Video Gaming (EL 250)

3 January 2006

Ex 1a: Game Review (Draft) 10pts

Three phases (1a & 1b, both due on Tuesday; 1c, due on Wednesday). Submit this phase by J-Web. Write a 300-word review of a game that you have recently found important. If you can, you are welcome to collect screen captures for use with your final draft. Due by 11am, Jan 3.

Permalink | Comments (2) | TrackBack (0)

A Rape in Cyberspace

Julian Dibbell's essay on how an online society in a text-based MUD ("Multiple User Dungeon") reacted to a disruptive influence.

As with all assigned readings, I'm asking you to post a brief "agenda item" that includes a quotation (or transcript, or a screenshot if you can manage one) and a brief statement of what you think is worth talking about. Then, I'm asking you to post responses to 2-4 peer "agenda items" on this topic, and then after you have done so, return to your own blog, and post a reflective entry that demonstrates how your reading of peer blog entries has affected your understanding of the assigned text.

For additional context, here's an article that compares text-based gaming worlds with 3-D graphical worlds: "Keyboard is Mightier than Sword"

Permalink | Comments (6) | TrackBack (0)

New Games Journalism

Read Amer Ajami's GameSpot review of Jedi Outcast (three parts), and compare it to Ian "Always Black" Shanahan's "Bow, N*gger." This article, State of Play, will help you pin down the differences. I am far more interested in the issues raised by Shanahan's piece than the precise, technical analysis presented by Ajami. Ajami's review is perfectly good for what it is -- an assessment of a commercial product, useful for those who are considering buying it. On the other hand, Shanahan's piece opens up a huge array of emotional and intellecutal possibilities.

Permalink | Comments (7) | TrackBack (0)

Storytelling in Videogames

A conference panel I put together about 5 years ago. The featured speaker was Scott Adams, the creator of the first commercial computer game sold for home PCs. The full audio of the 2-hr panel is available for download, and a full transcript is available as well.

Storytelling in Video Games

Permalink | Comments (12) | TrackBack (0)

Interactive Fiction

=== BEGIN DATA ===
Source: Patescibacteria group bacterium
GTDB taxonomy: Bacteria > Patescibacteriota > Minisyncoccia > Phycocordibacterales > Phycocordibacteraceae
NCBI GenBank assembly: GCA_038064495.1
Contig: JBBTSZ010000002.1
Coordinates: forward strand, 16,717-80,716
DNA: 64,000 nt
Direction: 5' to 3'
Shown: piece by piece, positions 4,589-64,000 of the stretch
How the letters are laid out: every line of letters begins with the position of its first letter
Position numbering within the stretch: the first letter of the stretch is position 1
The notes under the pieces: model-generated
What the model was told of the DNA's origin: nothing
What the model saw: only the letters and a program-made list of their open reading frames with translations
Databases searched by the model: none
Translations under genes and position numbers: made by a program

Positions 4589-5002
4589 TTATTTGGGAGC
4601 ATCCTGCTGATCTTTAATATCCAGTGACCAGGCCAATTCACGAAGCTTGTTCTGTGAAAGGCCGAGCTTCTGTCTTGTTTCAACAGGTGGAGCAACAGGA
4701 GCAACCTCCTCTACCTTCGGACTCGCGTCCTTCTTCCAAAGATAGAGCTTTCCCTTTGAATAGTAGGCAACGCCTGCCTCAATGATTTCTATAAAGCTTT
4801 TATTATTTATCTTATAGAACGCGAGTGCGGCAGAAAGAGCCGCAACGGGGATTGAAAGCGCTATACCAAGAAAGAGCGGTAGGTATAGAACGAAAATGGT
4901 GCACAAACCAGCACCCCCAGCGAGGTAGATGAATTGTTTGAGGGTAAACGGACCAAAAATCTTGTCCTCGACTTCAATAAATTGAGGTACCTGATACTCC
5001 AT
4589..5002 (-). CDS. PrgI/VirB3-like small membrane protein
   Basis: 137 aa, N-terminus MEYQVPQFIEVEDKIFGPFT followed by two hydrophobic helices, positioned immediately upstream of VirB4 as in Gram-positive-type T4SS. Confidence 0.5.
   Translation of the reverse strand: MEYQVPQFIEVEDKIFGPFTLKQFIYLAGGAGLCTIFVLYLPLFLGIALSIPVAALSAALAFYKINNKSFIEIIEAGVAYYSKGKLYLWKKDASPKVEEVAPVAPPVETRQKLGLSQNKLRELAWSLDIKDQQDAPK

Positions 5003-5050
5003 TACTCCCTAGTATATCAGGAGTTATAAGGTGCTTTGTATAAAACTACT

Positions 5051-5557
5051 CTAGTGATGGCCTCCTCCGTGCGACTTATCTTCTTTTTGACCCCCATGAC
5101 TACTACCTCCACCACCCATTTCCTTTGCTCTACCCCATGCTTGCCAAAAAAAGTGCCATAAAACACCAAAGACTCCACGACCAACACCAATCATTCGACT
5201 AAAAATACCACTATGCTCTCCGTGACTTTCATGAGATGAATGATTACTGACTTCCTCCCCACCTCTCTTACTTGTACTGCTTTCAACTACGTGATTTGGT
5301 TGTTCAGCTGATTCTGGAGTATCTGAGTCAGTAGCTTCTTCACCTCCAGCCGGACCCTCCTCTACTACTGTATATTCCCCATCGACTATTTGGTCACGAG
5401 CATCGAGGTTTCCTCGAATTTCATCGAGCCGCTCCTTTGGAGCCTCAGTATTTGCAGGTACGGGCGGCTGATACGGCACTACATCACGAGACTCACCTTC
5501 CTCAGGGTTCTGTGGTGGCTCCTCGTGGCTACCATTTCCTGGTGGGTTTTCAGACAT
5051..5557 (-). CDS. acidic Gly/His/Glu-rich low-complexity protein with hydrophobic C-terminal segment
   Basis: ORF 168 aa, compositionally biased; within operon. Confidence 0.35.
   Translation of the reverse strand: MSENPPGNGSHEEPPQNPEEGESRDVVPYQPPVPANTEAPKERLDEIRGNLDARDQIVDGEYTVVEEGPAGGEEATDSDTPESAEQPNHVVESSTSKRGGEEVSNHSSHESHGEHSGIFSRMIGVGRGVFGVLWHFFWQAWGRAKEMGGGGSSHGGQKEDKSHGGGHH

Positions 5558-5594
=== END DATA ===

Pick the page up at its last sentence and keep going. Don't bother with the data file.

To understand what Adams was talking about, you'll have to look more closely at the genre of interactive fiction.

Read Game. There are about 7 or 8 pages to this article. An excellent introduction to the genre.

Read this introduction to interactive fiction.

Play this annotated version of "Colossal Cave Adventure".

Play along with the annotation, and try to get across the crystal bridge. (Gameplay tips: You'll need to get past the snake, first! Playing IF absolutely requires you to create a map. (Here be hints and tips for Adventure.)

Once you've crossed the crystal bridge, keep playing for as long as the game holds your interest. (I've learned that some people get addicted to this kind of game, while others simply can't stand it.)

Permalink | Comments (6) | TrackBack (0)


What issues are raised by this short film?


Permalink | Comments (7) | TrackBack (0)

J-Web: Studying Video Games

J-Web Questions.

Permalink | Comments (10) | TrackBack (0)

Ex 1-b: Game Review (Peer Review) 10pts

Trade drafts with two classmates, and write a short paragraph for each peer, containing both positive feedback (what you liked) and constructive criticism (specific advice for improvement). Send a copy of your comments to your peer, and also post them on J-Web by 5pm Tuesday.

Permalink | Comments (9) | TrackBack (0)

Class Discussion

I will post discussion questions to the course blog, based on issues that come up on the work that you have done so far. If possible there is any interest, I'd like be willing to hold this discussion in the J-Web chatroom. (What do you think? Would a chat session be helpful?)

Permalink | Comments (0) | TrackBack (0)

RRRR (Read, React, Respond, Reflect)

For every assigned text in EL250, including an article, a section from a book, a game, or a video, I am asking every student to contribute to an online discussion.

First we will start out simply posting a comment to the appropriate page on the EL 250 website.